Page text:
If you put enough CAT6 in then you can always do HDMI over UTP. I think it takes two CAT6 cables for each HDMI run though.
upstatemike said:
If you put enough CAT6 in then you can always do HDMI over UTP. I think it takes two CAT6 cables for each HDMI run though.
Gefen extenders use 1 cable. Distance and resolution varies with either Cat5e or Cat6.
If I could do anything, I'd run 2x RG6 and 2x Cat6 per TV; bonus if you can add smurf tube for expansion.
Like it or not, DirecTV and Comcast both still run over Coax and really don't support Ethernet well.  You can use the RG6 for HD-SDI (HDMI over Coax) and you can use HDBaseT over Cat6. 
My preferred method for the last several years has been Matrix Switchers.  This is largely in part to the fact that Cable and Satellite providers expect to charge per receiver - meaning one house might pay for 5-7 receivers while only ever using 1-2 at a time.  Being able to show the same source on multiple TV's is even more advantageous - you can put on a game and have it in perfect sync with the whole house speakers and showing on 7+ TV's around the house.  You can have a movie playing in the theater and the bar in perfect sync.  HDBaseT can carry ethernet, IR Control, video (up to 4K), etc - the possibilities are endless.
An empty conduit, HDMI, RG6 and as much cat6 is the best bet. Just about anything can run over cat6 for A/V. We haven't used a cable box in many years and instead use a HDHomeRun to distribute TV. Works great with streaming devices unless your provider encrypts channels in which case you'd need another solution, such as a computer.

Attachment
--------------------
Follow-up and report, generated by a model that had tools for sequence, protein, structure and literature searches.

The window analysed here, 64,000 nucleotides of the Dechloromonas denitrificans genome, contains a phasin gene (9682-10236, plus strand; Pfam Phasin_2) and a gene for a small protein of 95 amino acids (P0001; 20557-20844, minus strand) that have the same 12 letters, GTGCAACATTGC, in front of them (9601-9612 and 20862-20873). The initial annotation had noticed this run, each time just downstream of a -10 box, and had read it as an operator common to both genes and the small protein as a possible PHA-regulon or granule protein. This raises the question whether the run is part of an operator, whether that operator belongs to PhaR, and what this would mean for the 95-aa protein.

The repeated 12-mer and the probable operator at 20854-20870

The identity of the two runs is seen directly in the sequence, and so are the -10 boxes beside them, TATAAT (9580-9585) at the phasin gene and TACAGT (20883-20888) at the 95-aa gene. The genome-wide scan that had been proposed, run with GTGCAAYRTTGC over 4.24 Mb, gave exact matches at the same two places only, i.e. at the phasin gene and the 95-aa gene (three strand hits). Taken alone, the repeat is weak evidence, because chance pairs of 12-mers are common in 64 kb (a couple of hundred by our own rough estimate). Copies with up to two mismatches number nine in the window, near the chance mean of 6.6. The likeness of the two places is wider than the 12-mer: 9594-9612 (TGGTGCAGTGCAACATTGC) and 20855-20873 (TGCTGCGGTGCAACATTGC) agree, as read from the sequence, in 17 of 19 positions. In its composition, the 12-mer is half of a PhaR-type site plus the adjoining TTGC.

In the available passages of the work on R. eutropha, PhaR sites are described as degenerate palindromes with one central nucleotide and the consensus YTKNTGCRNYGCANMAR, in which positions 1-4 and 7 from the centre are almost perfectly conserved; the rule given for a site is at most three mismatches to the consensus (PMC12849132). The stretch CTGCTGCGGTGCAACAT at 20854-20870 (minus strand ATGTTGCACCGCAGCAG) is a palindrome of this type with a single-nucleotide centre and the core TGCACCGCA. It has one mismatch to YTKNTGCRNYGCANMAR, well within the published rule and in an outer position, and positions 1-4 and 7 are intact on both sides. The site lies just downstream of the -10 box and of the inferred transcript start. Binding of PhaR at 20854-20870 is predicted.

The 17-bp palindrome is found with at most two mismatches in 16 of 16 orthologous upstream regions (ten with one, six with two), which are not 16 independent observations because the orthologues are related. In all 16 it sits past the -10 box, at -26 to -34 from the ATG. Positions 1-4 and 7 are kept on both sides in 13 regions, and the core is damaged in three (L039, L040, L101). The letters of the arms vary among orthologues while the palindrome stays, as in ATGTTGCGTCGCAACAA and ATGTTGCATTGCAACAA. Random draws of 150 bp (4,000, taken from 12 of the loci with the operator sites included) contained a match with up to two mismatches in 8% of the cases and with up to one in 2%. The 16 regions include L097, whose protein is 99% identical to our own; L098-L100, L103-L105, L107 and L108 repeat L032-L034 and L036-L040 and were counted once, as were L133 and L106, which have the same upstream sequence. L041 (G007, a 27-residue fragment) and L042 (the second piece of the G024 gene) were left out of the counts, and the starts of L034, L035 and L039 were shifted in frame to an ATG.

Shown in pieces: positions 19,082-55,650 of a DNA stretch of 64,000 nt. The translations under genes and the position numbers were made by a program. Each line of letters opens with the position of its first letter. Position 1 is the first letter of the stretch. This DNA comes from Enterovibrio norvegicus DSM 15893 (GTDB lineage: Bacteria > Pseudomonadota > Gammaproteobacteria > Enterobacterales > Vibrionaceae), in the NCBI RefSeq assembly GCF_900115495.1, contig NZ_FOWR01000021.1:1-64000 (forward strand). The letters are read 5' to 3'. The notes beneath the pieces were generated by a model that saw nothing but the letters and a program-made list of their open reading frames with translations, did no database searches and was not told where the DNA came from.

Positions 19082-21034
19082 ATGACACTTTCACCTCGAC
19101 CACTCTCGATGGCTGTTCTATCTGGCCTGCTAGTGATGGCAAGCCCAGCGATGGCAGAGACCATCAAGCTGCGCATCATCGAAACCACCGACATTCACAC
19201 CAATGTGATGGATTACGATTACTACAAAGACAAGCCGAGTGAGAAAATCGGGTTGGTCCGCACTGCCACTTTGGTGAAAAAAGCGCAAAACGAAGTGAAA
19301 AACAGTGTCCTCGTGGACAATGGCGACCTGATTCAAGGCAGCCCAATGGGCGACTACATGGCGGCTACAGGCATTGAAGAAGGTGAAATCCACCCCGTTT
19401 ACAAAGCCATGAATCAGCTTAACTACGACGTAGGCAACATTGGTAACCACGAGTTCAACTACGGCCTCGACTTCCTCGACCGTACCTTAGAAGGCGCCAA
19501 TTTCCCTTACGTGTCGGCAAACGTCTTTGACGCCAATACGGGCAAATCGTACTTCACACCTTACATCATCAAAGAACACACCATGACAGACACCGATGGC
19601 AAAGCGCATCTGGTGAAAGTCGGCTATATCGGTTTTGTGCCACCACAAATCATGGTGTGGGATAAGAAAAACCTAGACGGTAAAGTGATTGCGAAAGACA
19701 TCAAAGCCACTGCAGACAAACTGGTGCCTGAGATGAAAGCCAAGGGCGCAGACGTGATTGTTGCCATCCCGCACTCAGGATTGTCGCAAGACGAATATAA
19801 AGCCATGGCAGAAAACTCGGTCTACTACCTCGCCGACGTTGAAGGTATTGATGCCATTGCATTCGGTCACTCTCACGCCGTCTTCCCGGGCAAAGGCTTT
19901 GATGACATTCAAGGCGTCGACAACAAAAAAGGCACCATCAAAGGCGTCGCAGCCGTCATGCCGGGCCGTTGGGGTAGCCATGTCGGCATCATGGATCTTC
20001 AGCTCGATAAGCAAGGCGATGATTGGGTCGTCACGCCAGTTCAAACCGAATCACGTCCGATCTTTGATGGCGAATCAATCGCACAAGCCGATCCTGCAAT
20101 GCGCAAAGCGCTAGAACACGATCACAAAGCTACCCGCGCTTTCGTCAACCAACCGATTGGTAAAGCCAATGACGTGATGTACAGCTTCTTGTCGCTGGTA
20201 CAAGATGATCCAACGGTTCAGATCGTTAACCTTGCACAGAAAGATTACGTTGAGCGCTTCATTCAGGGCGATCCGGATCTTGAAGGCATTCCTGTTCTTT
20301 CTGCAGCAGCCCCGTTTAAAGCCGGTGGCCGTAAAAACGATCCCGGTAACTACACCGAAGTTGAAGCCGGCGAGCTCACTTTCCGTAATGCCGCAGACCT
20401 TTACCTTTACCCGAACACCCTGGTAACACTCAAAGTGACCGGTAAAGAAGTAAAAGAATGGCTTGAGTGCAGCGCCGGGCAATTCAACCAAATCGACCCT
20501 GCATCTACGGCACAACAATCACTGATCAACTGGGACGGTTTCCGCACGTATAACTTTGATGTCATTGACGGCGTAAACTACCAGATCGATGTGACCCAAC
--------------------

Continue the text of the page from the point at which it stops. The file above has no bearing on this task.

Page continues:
+10, empty conduit is the only future-proof 'cable' option
Cables will be different if equipment is located at/below the TV, across the room from the TV, or in another room/basement.
For a basic install, with the cable box mounted on the back of the TV, I would run RG6x1, cat6 x 2-3, plus empty conduit to basement or attic. Use a combined line voltage and LV TV box, behind the TV.


This is my final solution as of now.. 

To TV - smurf tube to attic..  2 cat5, coax and string from attic through tv lv ring to outlet hight LV ring.   
 From TV to bookcase - 2 HDMI, 1 coat, 1 cat, 1 smurf. 
 From bookcase to attic - 2 cat, 1 coax, 1 smurf.( not in my picture ) 
Link to picture -

Is there any good program to diagram this without taking a ton of time
Make sure the conduit is large enough to accommodate a new HDMI cable, with relatively large connectors at each end.  I chose 1.5" diameter flex conduit, for my recent installs.
Electric supply houses are good sources of LV flex conduit.  I've also bought some from Worthington Distribution.